So what was wrong with what these people said in verse 13: "Come now, you who say, 'Today or tomorrow we will go to such and such a city, and spend a year there and engage in business and make a profit'"? What's wrong with that? What's wrong is that it does not give expression to a true view of life or God. Specifically, it does not give expression to the truth that life is a vapor, and it does not give expression to the truth that God governs the length of our lives and the achievements of our lives.

Is there a deeper problem here than just the absence of true words and the presence of bad theology? Yes, there is, and James describes it in verse 16: "But as it is, you boast in your arrogance; all such boasting is evil." The root problem is arrogance or pride, and the expression of that arrogance, he says, is "boasting." And all they said was, "Today or tomorrow we will go to such and such a city, and spend a year there and engage in business and make a profit." That's all they said. And James calls it boasting, and says it's rooted in arrogance.

At this point in my sermon preparation, I stopped and put my face in my hands and prayed: Oh, Lord, don't let me overstate this or understate this. Help me to say it as simply and truly and powerfully and shockingly as it is here: It is arrogant not to believe with your heart and confess with your lips that ultimately God governs how long you live and what you accomplish. "If the Lord wills, we will live and also do this or that."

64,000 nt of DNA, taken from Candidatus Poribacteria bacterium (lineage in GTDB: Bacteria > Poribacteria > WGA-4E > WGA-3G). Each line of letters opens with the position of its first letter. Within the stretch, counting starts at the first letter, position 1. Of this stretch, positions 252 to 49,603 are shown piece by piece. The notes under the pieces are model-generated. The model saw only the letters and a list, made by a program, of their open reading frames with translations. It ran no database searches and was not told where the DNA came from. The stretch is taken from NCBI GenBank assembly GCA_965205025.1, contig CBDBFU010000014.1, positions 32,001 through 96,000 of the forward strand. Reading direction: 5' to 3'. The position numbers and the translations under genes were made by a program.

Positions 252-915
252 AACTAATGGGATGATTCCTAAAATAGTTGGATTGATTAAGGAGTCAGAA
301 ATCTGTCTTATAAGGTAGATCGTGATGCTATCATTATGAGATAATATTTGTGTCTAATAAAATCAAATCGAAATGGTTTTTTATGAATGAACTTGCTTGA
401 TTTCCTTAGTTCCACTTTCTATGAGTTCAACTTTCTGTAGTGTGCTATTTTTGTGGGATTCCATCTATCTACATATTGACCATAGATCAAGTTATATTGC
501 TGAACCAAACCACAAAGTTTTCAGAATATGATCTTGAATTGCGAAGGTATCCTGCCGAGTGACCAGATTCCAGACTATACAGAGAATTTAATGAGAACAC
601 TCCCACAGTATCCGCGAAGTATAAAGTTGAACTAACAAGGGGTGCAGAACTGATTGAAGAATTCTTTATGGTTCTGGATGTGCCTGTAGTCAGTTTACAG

There are many accusations today of arrogance and pride. If you say that a view of God is wrong and harmful, you will be accused of arrogance. If you say that Christians should share Christ with their Jewish friends in the hope that they would believe on Jesus and be saved, you will be accused of arrogance. If you say to a straying church member enmeshed in sin, "Repent and come back," you may be accused of judgmentalism and arrogance.

These are very serious charges and so I look very carefully to the Scriptures as well as to my own heart to see what real arrogance is. And whatever else it is, this morning we must say this from James 4:13-16: It is arrogant not to believe in the heart and confess with the lips that how long you live and what you accomplish are ultimately in the hands of God.

Applications to Our Present Situation on This Pledge Sunday

1. Therefore, Education for Exultation means educating our children to have a true view of life as a vapor and a true view of God as governing how long we live and what we accomplish. Our aim is that they not be arrogant, but that they exult in the sovereign love of God, through Jesus Christ, who died for them and rose again.